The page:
Acetaldehyde or ethanal
Acetaldehyde (or ethanal) is a two-carbon aldehyde used as an intermediate in the production of acetic acid. Acetaldehyde is produced by direct oxidation of ethylene. Acetic acid used to be the major derivative for acetaldehyde, but except in China, this is no longer the case. Major end-uses include ethyl acetate, isobutyl acetate, synthetic pyridine derivatives and peracetic acid.
Acetic acid is a colourless liquid traditionally made by fermentation (vinegar is mainly acetic acid). It is a raw material for several key petrochemical intermediates and products, including vinyl acetate monomer (VAM) for coatings and adhesives, purified terephthalic acid (PTA) for polyester production, acetate esters, cellulose acetate, acetic anhydride and monochloroacetic acid (MCA). Acetic acid is now mainly produced via methanol carbonylation, but ethane, ethylene or acetaldehyde oxidation processes are also commercially employed.
Acetone is a commodity solvent commonly produced as a co-product during cumene oxidation for phenol, which consumes benzene and propylene, and for this reason on-purpose acetone production has declined. On purpose production consumes either propylene or isopropanol. Acetone is used in the production of bisphenol A and methyl methacrylate, intermediates to PMMA and Polycarbonate engineering resins, respectively, along with methyl isobutyl ketone (MIBK) and others. It also has major use as a solvent in industrial and household applications, e.g., paints and ink. Acetone is produced in all regions.
The Acetyls family are those chemicals derived from acetic acid, the simplest carboxylic acid.
Acrylic acid is used in the production of acrylate esters, superabsorbent polymers, detergents and flocculants. Acrylate esters are mostly used in coatings, adhesives, and elastomers applications, while superabsorbents are used in diapers etc, and most other derivatives are performance chemicals for cleaning or water treatment, also firefighting. Acrylic Acid is a propylene derivative which is produced by propylene vapor-phase oxidation. Acetylene based production of acrylic acid has now ceased, and new processes based on propane are being developed. Acrylic acid tends to be produced close to major consumers as melting of transportable solid can be hazardous. Alternative names for acrylic acid include: acroleic acid, ethylene carboxylic acid, propenoic acid.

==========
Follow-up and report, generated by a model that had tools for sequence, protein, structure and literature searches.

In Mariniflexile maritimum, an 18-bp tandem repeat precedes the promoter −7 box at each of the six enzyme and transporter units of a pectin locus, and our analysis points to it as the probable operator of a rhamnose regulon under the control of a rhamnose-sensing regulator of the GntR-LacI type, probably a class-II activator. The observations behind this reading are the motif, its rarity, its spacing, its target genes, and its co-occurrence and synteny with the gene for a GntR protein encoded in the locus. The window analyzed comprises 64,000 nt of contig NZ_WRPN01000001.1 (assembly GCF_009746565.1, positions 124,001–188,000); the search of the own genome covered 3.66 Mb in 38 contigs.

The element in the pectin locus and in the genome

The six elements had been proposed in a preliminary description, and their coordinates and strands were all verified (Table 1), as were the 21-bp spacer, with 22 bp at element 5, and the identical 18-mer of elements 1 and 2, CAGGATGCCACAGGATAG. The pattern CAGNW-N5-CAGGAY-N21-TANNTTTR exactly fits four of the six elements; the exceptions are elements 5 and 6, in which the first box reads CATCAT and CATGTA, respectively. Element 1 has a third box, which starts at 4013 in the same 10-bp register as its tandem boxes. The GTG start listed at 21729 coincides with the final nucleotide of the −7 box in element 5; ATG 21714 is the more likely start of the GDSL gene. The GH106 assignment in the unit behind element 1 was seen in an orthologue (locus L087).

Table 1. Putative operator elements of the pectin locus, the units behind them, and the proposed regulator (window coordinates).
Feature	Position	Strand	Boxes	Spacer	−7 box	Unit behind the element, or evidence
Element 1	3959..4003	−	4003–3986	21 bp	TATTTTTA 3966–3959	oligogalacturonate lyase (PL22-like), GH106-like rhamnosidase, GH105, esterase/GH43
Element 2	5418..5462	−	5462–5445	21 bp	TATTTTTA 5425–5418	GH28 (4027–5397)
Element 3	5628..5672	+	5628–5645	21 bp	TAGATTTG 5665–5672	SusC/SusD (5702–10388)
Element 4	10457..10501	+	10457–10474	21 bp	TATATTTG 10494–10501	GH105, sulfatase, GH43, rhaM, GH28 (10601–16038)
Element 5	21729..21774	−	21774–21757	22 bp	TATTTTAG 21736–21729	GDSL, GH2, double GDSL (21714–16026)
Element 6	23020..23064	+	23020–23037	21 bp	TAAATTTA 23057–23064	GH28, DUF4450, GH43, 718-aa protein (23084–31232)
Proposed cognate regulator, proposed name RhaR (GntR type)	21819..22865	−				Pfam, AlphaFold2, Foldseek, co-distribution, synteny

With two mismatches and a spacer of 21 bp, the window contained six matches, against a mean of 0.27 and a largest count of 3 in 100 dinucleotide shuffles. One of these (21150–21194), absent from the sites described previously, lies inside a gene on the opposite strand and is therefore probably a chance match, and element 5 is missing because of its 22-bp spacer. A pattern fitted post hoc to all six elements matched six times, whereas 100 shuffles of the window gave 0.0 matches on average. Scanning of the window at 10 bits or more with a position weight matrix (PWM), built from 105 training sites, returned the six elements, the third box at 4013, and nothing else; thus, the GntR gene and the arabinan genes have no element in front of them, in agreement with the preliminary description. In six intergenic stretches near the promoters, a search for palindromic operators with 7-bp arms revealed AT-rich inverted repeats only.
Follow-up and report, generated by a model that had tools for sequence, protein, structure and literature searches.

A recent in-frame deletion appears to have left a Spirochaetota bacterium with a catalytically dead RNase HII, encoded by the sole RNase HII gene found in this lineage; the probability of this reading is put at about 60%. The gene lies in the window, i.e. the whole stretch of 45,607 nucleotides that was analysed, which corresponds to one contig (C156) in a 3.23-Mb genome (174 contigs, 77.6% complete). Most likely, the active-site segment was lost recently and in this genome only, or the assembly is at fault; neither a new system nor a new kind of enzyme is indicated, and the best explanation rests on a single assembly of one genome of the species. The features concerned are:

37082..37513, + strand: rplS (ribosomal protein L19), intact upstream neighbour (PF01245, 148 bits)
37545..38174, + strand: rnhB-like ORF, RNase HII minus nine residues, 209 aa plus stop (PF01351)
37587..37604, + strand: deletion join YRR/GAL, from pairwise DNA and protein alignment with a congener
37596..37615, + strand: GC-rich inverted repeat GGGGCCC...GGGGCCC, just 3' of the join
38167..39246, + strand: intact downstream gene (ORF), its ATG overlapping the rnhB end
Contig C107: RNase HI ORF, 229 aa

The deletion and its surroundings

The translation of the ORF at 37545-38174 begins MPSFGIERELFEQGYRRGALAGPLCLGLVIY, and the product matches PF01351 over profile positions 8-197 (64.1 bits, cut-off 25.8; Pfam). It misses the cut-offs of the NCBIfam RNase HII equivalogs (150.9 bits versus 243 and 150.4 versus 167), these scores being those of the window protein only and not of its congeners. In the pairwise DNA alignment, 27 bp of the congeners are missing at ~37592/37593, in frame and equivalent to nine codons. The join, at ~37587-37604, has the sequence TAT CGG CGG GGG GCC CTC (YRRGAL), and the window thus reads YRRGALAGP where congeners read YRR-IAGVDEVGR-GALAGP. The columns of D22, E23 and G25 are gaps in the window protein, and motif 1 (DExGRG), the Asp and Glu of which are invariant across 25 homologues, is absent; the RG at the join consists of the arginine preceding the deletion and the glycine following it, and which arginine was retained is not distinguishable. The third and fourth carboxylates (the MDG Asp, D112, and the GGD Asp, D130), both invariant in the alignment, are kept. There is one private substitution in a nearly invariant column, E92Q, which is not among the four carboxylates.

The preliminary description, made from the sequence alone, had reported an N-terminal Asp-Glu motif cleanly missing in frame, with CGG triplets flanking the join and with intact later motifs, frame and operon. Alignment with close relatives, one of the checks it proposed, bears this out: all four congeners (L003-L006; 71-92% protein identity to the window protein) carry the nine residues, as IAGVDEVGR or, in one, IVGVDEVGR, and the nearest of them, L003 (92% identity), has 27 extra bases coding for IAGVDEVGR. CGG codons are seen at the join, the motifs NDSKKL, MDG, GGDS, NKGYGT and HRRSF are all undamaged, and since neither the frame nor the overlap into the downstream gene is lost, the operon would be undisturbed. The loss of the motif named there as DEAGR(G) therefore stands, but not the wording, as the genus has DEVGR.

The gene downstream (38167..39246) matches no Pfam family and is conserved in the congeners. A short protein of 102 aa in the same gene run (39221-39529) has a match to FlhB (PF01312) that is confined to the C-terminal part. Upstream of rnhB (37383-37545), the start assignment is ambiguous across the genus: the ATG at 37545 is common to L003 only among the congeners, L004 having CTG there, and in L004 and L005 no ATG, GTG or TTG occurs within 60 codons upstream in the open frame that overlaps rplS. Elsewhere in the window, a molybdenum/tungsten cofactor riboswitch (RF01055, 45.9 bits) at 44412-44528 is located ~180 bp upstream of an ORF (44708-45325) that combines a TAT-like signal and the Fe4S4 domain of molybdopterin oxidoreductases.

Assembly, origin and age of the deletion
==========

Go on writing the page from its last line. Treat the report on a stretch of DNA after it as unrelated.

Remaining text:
Acrylonitrile is used as an intermediate in the production of acrylic fibers as well as acrylonitrile butadiene styrene (ABS) and SAN resins, and as monomer for polyacrylonitrile. Acrylonitrile is a propylene derivative which is produced by the reaction of propylene and ammonia. Acrylonitrile is produced in all regions, although most new projects are either located in Asia where demand growth is strongest, or in the Middle East where there is increasing feedstock availability.
Acrylonitrile butadiene styrene (ABS)
Acrylonitrile butadiene styrene (ABS) is a copolymer made from polymerizing styrene and acylonitrile in the presence of polybutadiene. ABS is stronger than polystyrene, and is used to make light, rigid products such as pipes and toys. It is a high volume engineering polymer that exhibits good strength and high gloss properties and is used widely in the production of electronics and automotive applications.
Alpha olefins are straight chained olefins with a double bond between the end two carbons in a chain (the "alpha" position). These olefins are very reactive and as such have a number of uses. Light alpha olefins (butene-1, hexene-1 and octene-1) are consumed mainly in the production of polyethylene, including LLDPE. Decene-1 is principally used to manufacture polyalpha olefins for the production of high performance lubricants. High alpha olefins are consumed in the manufacture of detergent alcohols. There are two main ways to produce linear alpha olefins - via ethylene oligomerization and via Fischer-Tropsch process via syngas (applicable only to SASOL). In regions of low cost ethylene (eg Middle East) ethylene dimerisation is also used to produce butene-1 and recently ethylene trimerisation has been used to produce hexene-1 Producers either manufacture a specific linear alpha olefin (on-purpose) or a range.
Ammonia is an inorganic compound comprising nitrogen and hydrogen in the ratio 1:3. Ammonia is produced from hydrocarbons, mainly natural gas, and nitrogen extracted from air. Ammonia occurs both in solution and as anhydrous ammonia, the latter finding its main application in fertilizers. Ammonia is also consumed in various other chemical and industrial applications such as the production of nitrate-based explosives, and in aqueous solution as a solvent.
Aniline is an aromatic derivative produced by hydrogenation of nitrobenzene and is used primarily for the production of MDI (methylene diphenyl diisocyanate).
The Aromatics are a group of unsaturated hydrocarbons all sharing a common unsaturated six carbon ring. Benzene is the simplest aromatic compound and consists solely of this ring structure, with the other members having hydrocarbon side groups connected to the main ring. Aromatics are named Aromatic after the sharp smell associated with the family and are produced in processes involving the pyrolysis of hydrocarbon streams such as steam crackers and refinery reformer units.